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DeSantis group pulls down Iowa, N.H. ads amid spending shift

Never Back Down, the embattled super PAC supporting Republican presidential hopeful Ron DeSantis, has canceled all of its planned television advertising in Iowa and New Hampshire just weeks before voting begins in the first nominating states.

The move, first reported by AdImpact, a firm that tracks political campaign advertising, was later confirmed by Never Back Down.

In a statement, Scott Wagner, the super PAC’s chairman, characterized the decision as part of a shift that would allow Never Back Down to focus on a “core mission” of grass-roots activities in the early states while Fight Right, a newly created super PAC backing the Florida governor, airs television ads.

“We are thrilled to have Fight Right and others covering the air for Gov. DeSantis while we work the ground game in Iowa, New Hampshire, South Carolina and beyond,” Wagner said.

Wagner’s statement did not provide additional information about what led to the cancellations.

The shift is a stunning turnabout for the once deep-pocketed pro-DeSantis operation, which spent heavily on television in the spring and summer on the assumption that it could raise more money from wealthy donors in the winter.

Taryn Fenske, a spokeswoman for Fight Right, said it will place more than $2.5 million in ads ahead of the Iowa caucuses.

The moves come as Never Back Down has struggled to support DeSantis as originally envisioned and as Nikki Haley, a former ambassador to the United Nations, has risen in the polls, threatening DeSantis’s status as the leading rival to former president Donald Trump.

Never Back Down was seeded with millions of unspent dollars DeSantis had raised for his gubernatorial reelection campaign in 2022. Although the organization is legally barred from directly coordinating with the campaign, it found ways to play an outsize role in boosting DeSantis on the campaign trail, paying for his travel, as well as an extensive door-knocking operation in Iowa.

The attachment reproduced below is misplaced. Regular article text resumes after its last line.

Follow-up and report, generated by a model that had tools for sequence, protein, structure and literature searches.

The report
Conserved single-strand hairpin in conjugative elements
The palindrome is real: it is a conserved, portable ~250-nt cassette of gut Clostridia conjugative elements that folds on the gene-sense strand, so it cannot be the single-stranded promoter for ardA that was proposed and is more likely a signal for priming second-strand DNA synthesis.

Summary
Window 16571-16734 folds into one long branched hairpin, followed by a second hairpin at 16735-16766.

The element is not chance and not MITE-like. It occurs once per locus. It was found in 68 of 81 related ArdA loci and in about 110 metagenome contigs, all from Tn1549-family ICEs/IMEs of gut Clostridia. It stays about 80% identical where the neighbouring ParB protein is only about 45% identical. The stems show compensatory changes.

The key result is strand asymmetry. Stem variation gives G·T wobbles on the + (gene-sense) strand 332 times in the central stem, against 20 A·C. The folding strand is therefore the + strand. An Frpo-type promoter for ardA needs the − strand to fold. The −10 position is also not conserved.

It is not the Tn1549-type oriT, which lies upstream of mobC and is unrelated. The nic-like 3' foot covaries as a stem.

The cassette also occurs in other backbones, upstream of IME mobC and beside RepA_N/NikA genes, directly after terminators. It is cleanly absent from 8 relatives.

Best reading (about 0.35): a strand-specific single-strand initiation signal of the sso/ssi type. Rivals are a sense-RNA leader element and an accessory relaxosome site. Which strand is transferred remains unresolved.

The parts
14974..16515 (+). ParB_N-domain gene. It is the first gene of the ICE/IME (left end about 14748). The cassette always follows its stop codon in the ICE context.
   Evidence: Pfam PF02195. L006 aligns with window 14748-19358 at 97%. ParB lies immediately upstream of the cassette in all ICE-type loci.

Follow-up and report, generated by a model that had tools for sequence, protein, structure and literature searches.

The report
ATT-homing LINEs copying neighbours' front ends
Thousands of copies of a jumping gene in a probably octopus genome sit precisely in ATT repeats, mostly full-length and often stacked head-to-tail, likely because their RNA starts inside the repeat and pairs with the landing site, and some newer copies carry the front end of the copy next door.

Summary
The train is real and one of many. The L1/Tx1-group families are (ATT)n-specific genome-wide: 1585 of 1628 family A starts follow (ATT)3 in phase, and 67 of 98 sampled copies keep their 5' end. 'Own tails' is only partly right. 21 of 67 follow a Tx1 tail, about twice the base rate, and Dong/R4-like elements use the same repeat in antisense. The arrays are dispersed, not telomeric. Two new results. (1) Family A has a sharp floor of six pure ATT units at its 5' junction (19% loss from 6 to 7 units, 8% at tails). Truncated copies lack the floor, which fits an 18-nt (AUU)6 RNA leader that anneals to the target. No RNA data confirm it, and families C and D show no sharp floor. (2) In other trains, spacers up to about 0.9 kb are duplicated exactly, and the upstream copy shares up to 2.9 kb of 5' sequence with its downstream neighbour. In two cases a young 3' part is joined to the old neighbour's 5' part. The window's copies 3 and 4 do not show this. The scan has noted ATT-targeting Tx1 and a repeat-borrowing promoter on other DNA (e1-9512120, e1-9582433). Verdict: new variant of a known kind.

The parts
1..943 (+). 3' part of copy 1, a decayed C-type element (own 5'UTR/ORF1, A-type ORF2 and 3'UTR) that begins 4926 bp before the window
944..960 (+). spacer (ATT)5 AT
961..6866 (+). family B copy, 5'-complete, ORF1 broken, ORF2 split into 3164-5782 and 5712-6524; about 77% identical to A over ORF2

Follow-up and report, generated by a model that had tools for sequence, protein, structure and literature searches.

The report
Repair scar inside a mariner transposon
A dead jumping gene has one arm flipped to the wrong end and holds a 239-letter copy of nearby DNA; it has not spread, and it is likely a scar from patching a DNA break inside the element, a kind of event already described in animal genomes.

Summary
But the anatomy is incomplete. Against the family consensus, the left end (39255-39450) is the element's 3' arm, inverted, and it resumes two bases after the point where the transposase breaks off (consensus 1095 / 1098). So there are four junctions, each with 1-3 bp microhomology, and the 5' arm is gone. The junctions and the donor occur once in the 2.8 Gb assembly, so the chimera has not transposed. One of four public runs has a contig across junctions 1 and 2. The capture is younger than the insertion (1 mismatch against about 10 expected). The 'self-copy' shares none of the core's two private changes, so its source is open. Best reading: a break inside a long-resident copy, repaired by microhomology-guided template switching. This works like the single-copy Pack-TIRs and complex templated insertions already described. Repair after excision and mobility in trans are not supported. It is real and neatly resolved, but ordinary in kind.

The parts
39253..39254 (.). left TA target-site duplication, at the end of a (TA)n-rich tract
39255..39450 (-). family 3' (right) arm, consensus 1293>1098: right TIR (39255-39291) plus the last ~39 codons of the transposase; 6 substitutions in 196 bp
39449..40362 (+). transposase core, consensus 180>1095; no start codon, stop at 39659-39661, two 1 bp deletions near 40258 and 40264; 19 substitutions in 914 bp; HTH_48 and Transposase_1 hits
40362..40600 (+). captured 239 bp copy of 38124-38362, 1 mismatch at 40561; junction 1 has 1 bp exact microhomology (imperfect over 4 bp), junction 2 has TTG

But in recent weeks, the organization has begun to collapse.

On Saturday night, about four hours after a Washington Post story about its troubles was published online, Jeff Roe — a key architect of Never Back Down’s strategy — joined a string of departures, announcing that he was resigning, further deepening the group’s tumult.

He said he “cannot in good conscience stay affiliated with Never Back Down” after the super PAC sent statements to The Post suggesting that the group had fired executives connected to Roe’s consulting firm over “mismanagement and conduct issues.”

Haley’s campaign seized on Never Back Down’s ad cancellations Friday, claiming it was evidence of DeSantis’s diminishing presence in the race.

“This is now a two-person race between Nikki Haley and Donald Trump,” said Nachama Soloveichik, the communications director for Haley’s campaign. “Nikki is the only Trump alternative with the support, the organization and the resources to go the distance.”

Fenske, the Fight Right spokeswoman, said Soloveichik’s description of the race was “simply false.”

Fight Right is playing the role of “air force” while Never Back Down does the ground game for DeSantis, Fenske said. She said the $2.5 million of ads the group plans to place ahead of the Iowa caucuses include a $1.3 million cable and broadcast buy in the state.

One ad slated to start running Sunday focuses on Haley’s record on China, with the tag line, “We can’t trust tricky Nicky.”

Andrew Romeo, a spokesman for the DeSantis campaign, also knocked Haley’s campaign Friday, claiming that the former South Carolina governor “has no path to the nomination and every dollar spent on her candidacy is an in-kind contribution to the Trump campaign.”

DeSantis campaign manager James Uthmeier signaled the strategy shift among super PACs in a Nov. 27 memo to donors, marked personal and confidential, that said it welcomed the “air support” from Fight Right.

The memo described Never Back Down, which at that point had spent more on ads in the presidential campaign than any other group or candidate, as a field operation.

Five other senior executives have left Never Back Down since late November. Three executives with Roe’s firm were fired; the board chairman and the founding chief executive both resigned amid internal concerns about legal compliance. And a verbal conflict inside the group’s Atlanta offices became public, as did DeSantis’s own misgivings about the outside group’s leadership.

Since Dec. 15, SFA Fund, an outside group supporting Nikki Haley, has spent $4.6 million on ads, compared to $1.7 million by Fight Right and virtually no spending by Never Back Down, according to AdImpact.

The Haley campaign also has been swamping the DeSantis operation in ad spending, with $1.4 million spent for her in comparison with $309,135 spent for DeSantis by his operation.

Through Sept. 30, Never Back Down spent $25.5 million on ads, according to AdImpact, in comparison with $11.9 million by SFA Fund. Haley’s campaign ran less than $120,000 of ads in that period, while DeSantis spent $1.6 million.

This post appeared first on The Washington Post

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